Mark Socinski and Stephen Liu describe the current treatment options for patients with RET+ NSCLC. They also summarize recent clinical data for agents that target RET.
Mark A. Socinski, MD: In the past year, we’ve had 2 new drugs indicated for RET fusions in nonsmall–cell lung cancer. Selpercatinib first, followed by pralsetinib shortly thereafter. These are both highly selective RET inhibitors. They do have some activity against the VEGF receptors, so hypertension is an issue with these drugs, but highly selective for RET. They have both been incorporated into the NCCN [National Comprehensive Cancer Network] guidelines for treatment of RET fusion-positive patients in the first-line setting. I will emphasize that RET should be part of your comprehensive genomic testing at the time of initial diagnosis. If you find it, this should be your first-line treatment, but remember that it is also active in the refractory setting, or second- and third-line setting. In your practices, many of you may have patients with lung cancer who you’ve managed for 2, 3, sometimes even 4 years or so. You should go back and look at their initial molecular testing and make sure that RET was tested for. You may have some of these patients that you may not know about because they weren’t included in the testing that was done 2 or 3 years ago when we didn’t have effective RET drugs at the time.
Stephen Liu, MD: When we identify a RET fusion in nonsmall–cell lung cancer, it does impact our decision making. We know from the immuno target study, led by Dr Julian Masieris, that immunotherapy is largely inactive, but we have other RET targeted agents. Our historic agents repurposed multikinase inhibitors, like cabozantinib and vandetanib, had response rates around 30% and 40%. A lot of toxicity from interacting at that VEGF from a lot of off-target toxicity. We now have selective inhibitors and these are the drugs that I would reach for first.
Mark A. Socinski, MD: We recently had an update of the selpercatinib data at the 2021 ASCO [American Society of Clinical Oncology] Annual Meeting. [The data] showed a response rate of about 64% in patients who had been previously treated. Most importantly, in the cohort of patients that were treatment-naïve, the overall response rate was approximately 85% with nice durability of these sorts of responses. Often these responses can be deep, durable, and meaningful to patients in this setting. In the setting of CNS [central nervous system] involvement, which is common in these driver populations, there’s not robust data sets yet. However, in the data sets that we do have, there’s clear activity with durability of response in CNS lesions. That should be part of your thinking as you approach these patients who are known to have brain [metastases].
Stephen Liu, MD: Pralsetinib, formerly BLU-667 agent, was studied in the registrational ARROW phase 1, 2 trial. This included patients with medullary thyroid cancer, with RET fusions, solid tumors, and a cohort specifically for RET fusion-positive nonsmall–cell lung cancer. At the ASCO 2021 Annual Meeting, we saw an update on RET-positive nonsmall–cell lung cancer—a large size of over 200 patients. With this rare molecular finding, we saw the response rate around 70% with median duration of response of almost 2 years. If we look at patients who had prior chemotherapy, which was 125 patients, the response rate was 62%—very robust—and the disease control rate was 91%. Responses were fast, the median timer response was at 1.8 months, medium progression-free survival there, almost a year and a half. In the front-line setting, the outcomes were even better. Initially, ARROW was designed to allow front-line use of pralsetinib for people that were not candidates for chemotherapy or chemoimmunotherapy. In that cohort, with that caveat, the response rate was 79% and the disease control rate was 93%. When they started seeing these amazing responses, they amended that study. As of 2019, it was updated to allow anyone in the frontline setting. If we look at that true treatment-naïve population, we saw a response rate of 88%—the highest response rate I’ve seen—and a disease control rate of 96%, median progression of survival not yet reached. These are very effective drugs that are durable, have quick responses, and are well tolerated. There is some myelosuppression with pralsetinib. These are primarily paper toxicities. We see neutropenia, for example, but less than 1% of patients stop treatment for neutropenia—just a dose reduction. It comes as 100-mg pills and you start at 40 mg, low counts, drop to 3 pills, 2 pills, and so forth. In my experience, I’ve seen very durable responses, even at lower doses when needed to dose for dropping. When we look at pralsetinib, what is important about it in this subtype of lung cancer is it’s very CNS penetrant and very CNS active. And I do have a patient who has a CNS response that’s been ongoing for years, even with a dose reduction.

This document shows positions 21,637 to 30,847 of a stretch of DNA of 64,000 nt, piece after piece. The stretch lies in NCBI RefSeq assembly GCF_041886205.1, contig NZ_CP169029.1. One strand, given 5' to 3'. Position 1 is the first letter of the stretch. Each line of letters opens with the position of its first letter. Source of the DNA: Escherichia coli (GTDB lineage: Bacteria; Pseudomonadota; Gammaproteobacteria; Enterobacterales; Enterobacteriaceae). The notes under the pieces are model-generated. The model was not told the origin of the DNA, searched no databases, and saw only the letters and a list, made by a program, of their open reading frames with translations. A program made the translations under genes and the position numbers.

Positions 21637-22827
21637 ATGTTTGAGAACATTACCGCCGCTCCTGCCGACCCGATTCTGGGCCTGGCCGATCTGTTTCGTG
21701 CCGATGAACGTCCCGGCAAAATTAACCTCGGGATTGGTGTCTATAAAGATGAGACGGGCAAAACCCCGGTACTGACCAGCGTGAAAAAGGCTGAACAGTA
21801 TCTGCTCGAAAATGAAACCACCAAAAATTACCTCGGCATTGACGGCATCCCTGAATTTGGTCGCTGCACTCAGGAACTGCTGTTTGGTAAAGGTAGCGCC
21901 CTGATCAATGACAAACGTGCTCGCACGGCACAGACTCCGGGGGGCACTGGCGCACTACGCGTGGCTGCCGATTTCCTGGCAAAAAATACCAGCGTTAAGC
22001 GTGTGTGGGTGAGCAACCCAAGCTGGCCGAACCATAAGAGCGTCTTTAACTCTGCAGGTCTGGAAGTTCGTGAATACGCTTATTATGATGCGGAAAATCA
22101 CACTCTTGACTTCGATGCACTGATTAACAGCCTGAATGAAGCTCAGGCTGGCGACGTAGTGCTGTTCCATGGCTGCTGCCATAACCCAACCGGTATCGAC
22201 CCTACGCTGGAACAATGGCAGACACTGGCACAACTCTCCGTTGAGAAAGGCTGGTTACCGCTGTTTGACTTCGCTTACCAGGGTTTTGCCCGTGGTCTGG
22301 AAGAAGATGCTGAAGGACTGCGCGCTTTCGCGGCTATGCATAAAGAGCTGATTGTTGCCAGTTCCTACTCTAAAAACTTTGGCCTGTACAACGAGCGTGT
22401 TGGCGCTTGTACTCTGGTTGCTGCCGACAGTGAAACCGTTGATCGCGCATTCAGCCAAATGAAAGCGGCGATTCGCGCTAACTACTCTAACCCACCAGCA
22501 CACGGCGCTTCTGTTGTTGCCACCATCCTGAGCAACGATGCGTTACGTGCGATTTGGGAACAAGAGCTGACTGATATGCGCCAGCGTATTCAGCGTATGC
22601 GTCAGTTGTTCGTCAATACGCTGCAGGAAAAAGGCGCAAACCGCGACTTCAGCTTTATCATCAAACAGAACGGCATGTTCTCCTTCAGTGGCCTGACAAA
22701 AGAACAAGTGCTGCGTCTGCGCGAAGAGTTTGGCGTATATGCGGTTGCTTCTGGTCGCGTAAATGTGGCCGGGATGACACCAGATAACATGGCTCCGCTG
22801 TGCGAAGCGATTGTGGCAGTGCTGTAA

Mark A. Socinski, MD: Shortly after the approval of selpercatinib, we saw pralsetinib come to market with similar data. This is an agent with similar response rates and similar tolerability populations. The activity is seen both in treatment-naïve patients with overall response rates far north of 50%, as well as in patients who have been previously treated. The use of this agent in the second- and third-line setting is appropriate for those patients. In those patients that have been hanging around your practice with metastatic lung cancer for a while, you should review their molecular testing from a couple of years ago to make sure that it included RET, because we now have a couple of good options. I would say either pralsetinib or selpercatinib are excellent options for patients with RET fusions.
Transcript edited for clarity.